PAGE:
Os Gêmeos—“The Twins,” in Portuguese—are Otávio and Gustavo Pandolfo, identical brothers from São Paulo, Brazil, who make bright, cartoonish modern art about everything from poverty and social justice to subway stations and houses. Their first solo museum show in the United States, which runs through November 25 at the Institute of Contemporary Art, is whimsical and surreal—the featured works include paintings decorated with sequins and three-dimensional, collage-like pieces that depict ordinary life with a gleeful fascination.
“There are many references throughout their work that are an invitation inside their head,” said ICA adjunct curator Pedro Alonzo, who organized the exhibit and has worked with the Pandolfo brothers on previous shows. The origins of the twins’ aesthetic, Alonzo said, are in street art that came out of the Brazilian hip-hop movement. “That is mixed with their own surreal fantasy world that they want to share with us,” he said.
In addition to its focus on the everyday, the art on display at the ICA is replete with references to exposure and connection—a face opens up to reveal another, different face inside of it; a house’s roof is removed to show the contents inside; and in one corner sits a massive piece titled “Os Musicos” (“The Musicians”), a modified organ that uses sound samples to access the twins’ minds and memories.
“The brothers make a real effort to have an unmediated relationship to the general public,” Alonzo said. “It’s a hard thing to accomplish with abstraction, so they do it with characters.” These characters are the twins’ signature yellow people, half-imp, half-Simpsons beings who populate their paintings and murals, including one enormous mural outside Boston’s South Station.
The yellow people also make an appearance in “Os Musicos,” albeit in a different form. The entire piece consists of several dozen speakers mounted in the corner of the gallery, colored yellow or brown, with painted-on eyes and hair and speakers for mouths. The speakers are controlled by the organ, which sits in front of the sculpture. Each key on the organ corresponds to a speaker mounted on the wall, and instead of playing a note, each key corresponds to its own sound bite—a burst of laughter, a mechanical whir, or a hip-hop beat, for instance. Playing combinations of keys produces shifting textures of sound rather than melodies.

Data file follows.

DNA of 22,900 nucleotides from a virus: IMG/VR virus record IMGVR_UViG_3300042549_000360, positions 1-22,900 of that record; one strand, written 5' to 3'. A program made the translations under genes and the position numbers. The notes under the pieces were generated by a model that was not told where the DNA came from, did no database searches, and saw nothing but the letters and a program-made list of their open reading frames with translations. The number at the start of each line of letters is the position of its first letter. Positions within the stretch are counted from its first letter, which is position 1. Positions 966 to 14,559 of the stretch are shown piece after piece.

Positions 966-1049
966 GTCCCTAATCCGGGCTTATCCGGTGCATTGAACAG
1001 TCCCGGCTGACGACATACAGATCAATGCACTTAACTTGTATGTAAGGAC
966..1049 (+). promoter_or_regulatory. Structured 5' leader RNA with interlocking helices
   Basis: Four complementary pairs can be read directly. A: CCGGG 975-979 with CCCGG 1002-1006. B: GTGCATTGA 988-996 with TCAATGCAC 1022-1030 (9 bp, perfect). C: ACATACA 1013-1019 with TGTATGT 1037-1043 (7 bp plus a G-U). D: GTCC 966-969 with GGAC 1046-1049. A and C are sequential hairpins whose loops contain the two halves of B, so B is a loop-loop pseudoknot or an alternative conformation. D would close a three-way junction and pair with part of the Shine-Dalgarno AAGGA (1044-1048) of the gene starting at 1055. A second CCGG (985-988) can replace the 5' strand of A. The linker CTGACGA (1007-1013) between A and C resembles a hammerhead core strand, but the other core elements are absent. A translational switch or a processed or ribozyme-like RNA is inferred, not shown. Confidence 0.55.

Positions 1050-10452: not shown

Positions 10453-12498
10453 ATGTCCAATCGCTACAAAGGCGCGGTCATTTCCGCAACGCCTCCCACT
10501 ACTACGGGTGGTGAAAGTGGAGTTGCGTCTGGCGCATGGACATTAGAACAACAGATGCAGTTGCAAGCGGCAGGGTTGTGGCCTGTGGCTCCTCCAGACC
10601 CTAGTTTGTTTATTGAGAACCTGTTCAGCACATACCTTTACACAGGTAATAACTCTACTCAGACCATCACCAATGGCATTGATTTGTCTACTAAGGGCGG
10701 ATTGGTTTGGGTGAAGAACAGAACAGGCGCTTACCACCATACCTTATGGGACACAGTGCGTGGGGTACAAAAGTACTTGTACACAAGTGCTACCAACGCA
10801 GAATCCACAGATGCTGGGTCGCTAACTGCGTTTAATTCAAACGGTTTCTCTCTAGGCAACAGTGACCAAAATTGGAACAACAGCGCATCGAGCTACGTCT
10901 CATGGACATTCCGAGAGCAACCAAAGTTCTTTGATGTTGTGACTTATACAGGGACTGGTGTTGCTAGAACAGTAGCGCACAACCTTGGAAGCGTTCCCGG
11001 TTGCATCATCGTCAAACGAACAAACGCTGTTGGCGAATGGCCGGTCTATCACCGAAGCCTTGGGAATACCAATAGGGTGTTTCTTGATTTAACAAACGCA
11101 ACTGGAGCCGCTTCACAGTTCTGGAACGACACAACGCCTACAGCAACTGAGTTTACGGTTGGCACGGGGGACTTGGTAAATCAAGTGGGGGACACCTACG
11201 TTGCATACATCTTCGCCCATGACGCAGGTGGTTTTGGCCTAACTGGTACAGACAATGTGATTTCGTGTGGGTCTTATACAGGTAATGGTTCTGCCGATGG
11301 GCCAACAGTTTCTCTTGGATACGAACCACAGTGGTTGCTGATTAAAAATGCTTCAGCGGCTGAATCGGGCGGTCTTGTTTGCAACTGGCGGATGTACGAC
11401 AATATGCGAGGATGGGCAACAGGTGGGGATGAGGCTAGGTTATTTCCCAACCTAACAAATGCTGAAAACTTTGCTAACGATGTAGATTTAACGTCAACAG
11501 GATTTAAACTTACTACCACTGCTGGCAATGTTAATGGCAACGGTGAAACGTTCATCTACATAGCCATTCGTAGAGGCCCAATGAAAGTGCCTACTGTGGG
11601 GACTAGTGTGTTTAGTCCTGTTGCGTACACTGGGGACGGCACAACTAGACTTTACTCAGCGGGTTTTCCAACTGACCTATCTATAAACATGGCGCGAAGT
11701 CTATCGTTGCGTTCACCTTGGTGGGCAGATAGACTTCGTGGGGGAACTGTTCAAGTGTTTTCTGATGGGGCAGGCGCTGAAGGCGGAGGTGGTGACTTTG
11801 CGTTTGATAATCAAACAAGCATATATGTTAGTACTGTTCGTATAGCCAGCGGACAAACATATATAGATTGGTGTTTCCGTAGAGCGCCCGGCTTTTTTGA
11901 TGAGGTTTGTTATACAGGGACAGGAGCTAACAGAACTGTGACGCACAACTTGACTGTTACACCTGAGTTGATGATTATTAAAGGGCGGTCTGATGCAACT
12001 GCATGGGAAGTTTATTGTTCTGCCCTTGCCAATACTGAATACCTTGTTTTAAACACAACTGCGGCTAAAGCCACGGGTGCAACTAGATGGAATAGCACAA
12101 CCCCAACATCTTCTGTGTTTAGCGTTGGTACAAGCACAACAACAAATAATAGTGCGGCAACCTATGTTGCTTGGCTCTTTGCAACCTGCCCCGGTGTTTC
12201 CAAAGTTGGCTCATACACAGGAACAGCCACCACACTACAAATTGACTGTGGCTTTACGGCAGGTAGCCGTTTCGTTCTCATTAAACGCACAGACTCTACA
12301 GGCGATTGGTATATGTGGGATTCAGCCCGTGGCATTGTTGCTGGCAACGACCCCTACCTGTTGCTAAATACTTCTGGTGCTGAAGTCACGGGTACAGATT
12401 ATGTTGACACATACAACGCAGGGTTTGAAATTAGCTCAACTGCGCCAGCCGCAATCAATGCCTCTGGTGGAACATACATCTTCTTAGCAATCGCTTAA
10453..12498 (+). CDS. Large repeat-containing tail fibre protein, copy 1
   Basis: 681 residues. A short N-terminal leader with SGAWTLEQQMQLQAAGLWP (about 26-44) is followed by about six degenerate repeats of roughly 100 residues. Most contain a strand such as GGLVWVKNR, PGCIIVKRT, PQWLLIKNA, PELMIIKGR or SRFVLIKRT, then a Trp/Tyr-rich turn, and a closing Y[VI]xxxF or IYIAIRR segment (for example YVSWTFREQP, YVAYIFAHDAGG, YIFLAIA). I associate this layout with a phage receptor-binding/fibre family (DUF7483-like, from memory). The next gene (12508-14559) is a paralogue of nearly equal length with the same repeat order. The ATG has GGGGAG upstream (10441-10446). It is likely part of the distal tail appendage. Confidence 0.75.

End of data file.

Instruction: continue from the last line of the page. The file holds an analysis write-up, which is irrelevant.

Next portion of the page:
The sound samples are drawn from the Pandolfo brothers’ own lives, but as Alonzo said, they are meant to be abstract enough to be relatable for the general public. “These are sounds that mean something to them, that they picked out,” Alonzo said. By using sound’s power to provoke recollection, the twins are opening up their own heads, pouring out their memories, and allowing exhibit-goers to find a connection.
Though the “Os Musicos” installation is intended to be interactive, it is part of a private collection, and as such, the general public is not permitted to play the instrument. Instead, the ICA enlisted the assistance of several professional musicians to play it. Elaine Rombola, one of the musicians who will play the sculpture for 15 minutes on the third Saturday of every month, sat down at the organ for the first time this past Saturday.
Rombola described her approach to the performance: “I’m trying to at least get all the notes played, so that everybody gets a chance to hear every sample,” she said. “Then I want to play around with how they layer with each other.” Due to the organ’s unique format, she said, her thought process deals more with the pacing and density of the sound than with traditional considerations such as harmony and rhythm. “When you sit down at a keyboard, you make your hands into the shape of a chord and you expect to hear a chord,” she said. “But with this organ, that’s not the case.”
On Saturday, Rombola played the organ to a small but attentive audience. The device sounded like a memory, or more specifically, the process of remembering: sounds popped up, blended together, then vanished; some noises lasted for almost a minute as the other sounds around it bloomed and disappeared; sometimes it sounded like a street fair, riotous and chaotic, and sometimes it sounded like a quiet evening at home, hushed and subdued.
Semira E. Rose, an ICA patron who watched Rombola’s performance, admitted that she did not immediately connect to the performance. “But in the middle—it feels like they want people to connect to the sounds of the city,” she said. “And my teenage sons listen to hip-hop, so when some of those beats popped up, I started connecting more.”
That kind of association—clearly removed from Os Gêmeos’ own interactions with hip-hop, but nonetheless resonant with Rose’s experiences—is consistent with the twins’ artistic intentions in general. “It’s meant to stir memories,” Alonzo said.
—Staff writer Matthew J. Watson can be reached at firstname.lastname@example.org.